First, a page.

The end of the time of the Judges and the Beginning of the Kingdom Period for God’s people is an interesting one and it demonstrates open theism as the only real good way to look at how God views his own power and sovereignty. Samuel’s time as a judge is well liked. The problem is the people start looking to the future. The future they see is one filled with people and not God. That is the one of the many interesting things about this time that the people were seeing a future full of trouble because Samuel’s sons were no good and they didn’t have the conception of God being their ruler. It is perhaps because God did not rule them like other kings did as he gave them a tremendous amount of freedom.
I think to be a classical theist with a classical view of God’s sovereignty and foreknowledge is difficult to maintain with this period. Firstly there is the fact that God is being rejected as king and God does not throw a fit about it. If the role of God is the absolute control of every minutia of the universe, this does not make any sense. God would not take kindly to people rejecting that sovereignty and would probably be like other kings and bring that sovereignty back through punishment or force. God goes the almost opposite direction and says – ‘let them have it.” It is like he is giving up the throne and if his understanding of power and His role was what we normally conceive – power to control – this does not make sense. God almost seems to see his use of sovereignty as something he does not want to do without consent of the governed.
Secondly, There are the descriptive differences between God’s rule during the time of the judges versus the rule that they are asking for. Samuel tells them that a king will take away their money, children, lands and freedoms. Under God during the Judges each man was sovereign before God and his law. There was tremendous freedom in this, as each tribe had its own way of dealing with disputes but taxes did not exist (tithing and offerings were volunteer actions to the tabernacle), each man did his time of service where he could be called to defend the land but after a certain age he refuse to go to war or if he had taken a new wife for a year. Land belongs to the families and on that land each man could do as he pleased. With the authoritarian rule of a human king that would all end. God’s rule over his people allowed for more personal freedom and liberty than probably at any time in history to that point. God’s only action was to defend his people when thy followed his law and to withdraw this if they did not follow it.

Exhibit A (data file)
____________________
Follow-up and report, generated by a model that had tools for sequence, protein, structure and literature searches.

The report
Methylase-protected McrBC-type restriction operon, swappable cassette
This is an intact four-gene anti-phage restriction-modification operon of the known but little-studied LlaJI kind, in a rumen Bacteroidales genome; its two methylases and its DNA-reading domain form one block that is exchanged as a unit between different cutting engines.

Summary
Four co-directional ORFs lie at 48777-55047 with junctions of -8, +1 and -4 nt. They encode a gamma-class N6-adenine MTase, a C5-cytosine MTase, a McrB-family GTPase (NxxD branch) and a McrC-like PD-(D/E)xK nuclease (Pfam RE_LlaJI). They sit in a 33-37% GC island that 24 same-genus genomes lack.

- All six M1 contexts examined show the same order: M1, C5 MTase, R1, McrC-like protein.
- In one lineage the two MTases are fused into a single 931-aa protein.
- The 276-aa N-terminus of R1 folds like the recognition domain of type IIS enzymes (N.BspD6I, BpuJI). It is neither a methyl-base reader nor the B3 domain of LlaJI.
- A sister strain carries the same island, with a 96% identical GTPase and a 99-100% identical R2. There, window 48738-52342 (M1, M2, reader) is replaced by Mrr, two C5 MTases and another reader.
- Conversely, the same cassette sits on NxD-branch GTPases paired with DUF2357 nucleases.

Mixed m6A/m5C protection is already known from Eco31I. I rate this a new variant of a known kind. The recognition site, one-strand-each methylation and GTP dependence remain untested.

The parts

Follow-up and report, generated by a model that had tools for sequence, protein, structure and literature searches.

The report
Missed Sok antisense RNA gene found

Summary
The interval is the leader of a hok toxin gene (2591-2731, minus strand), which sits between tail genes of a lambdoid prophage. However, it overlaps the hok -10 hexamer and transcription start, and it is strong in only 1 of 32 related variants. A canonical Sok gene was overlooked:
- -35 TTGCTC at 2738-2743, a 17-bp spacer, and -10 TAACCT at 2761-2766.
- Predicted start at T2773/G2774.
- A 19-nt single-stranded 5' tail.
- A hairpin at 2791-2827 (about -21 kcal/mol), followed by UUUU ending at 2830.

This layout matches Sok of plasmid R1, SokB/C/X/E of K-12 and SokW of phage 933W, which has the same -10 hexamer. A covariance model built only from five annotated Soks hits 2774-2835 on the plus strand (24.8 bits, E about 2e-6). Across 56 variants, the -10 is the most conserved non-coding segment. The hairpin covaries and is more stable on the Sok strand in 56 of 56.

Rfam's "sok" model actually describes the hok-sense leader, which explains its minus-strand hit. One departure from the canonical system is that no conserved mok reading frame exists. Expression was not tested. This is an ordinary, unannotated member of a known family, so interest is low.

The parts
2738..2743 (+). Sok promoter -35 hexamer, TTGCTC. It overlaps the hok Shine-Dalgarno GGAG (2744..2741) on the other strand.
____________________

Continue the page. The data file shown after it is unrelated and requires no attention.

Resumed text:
Thirdly, in the case of God’s foreknowledge is displayed but only as a possibility. In the law of Moses, there are provisions ‘if Israel should choose a king’. There is no inevitability to the language just addressing the possibility. When this time comes in the early part of First Samuel, the prophet speaks against it. God does not seem to like it considering himself to be rejected, but it still goes forward. God saw this kingdom of Israel as a possibility, did not want it, but allowed it. It was a future possibility that he hoped would not be followed but when it comes God literally advocates the throne and lets the people pick a new king. Once again, God will not rule where he is not welcome.
Finally, all of this speaks to the personality of God when it comes to the future. If God’s purpose is to put all the events of all peoples’ lives on a timelines, this time of Israel’s history does not support that idea. He seems more concerned that people freely choose him to be their king than to maintain his power. Power is not the main objective for God at this point and that is very striking when considering the personality of God. His desires are not about control, far from it. He let’s his people have their freedom to choose who will rule them even though it means his rejection and he can foresee tons of problems down the line. God does not see the need to defend his power but rather lets other people have power and is OK with it. God seems to view his use of power, not in a lord it over them way, but being a steward of their lives which he lets them have a large dose of freedom coupled with responsibility to the Law.
In my mind, it seems very likely that Samuel in his arguments with the people produced the book of Judges at this time. His goal was to point out that even though Israel had their ups and downs as far as prosperity, they always had their power to choose to serve God or not and that their failure to serve God was their own undoing not the absence of a human king. The last line of Judges as I have already pointed out is telling and more about the loss of individual sovereignty and liberty to a human king of that time than moral bad choices. Once Israel chose a human king all that freedom went away and it was not something God wanted to happen.
Next: King Saul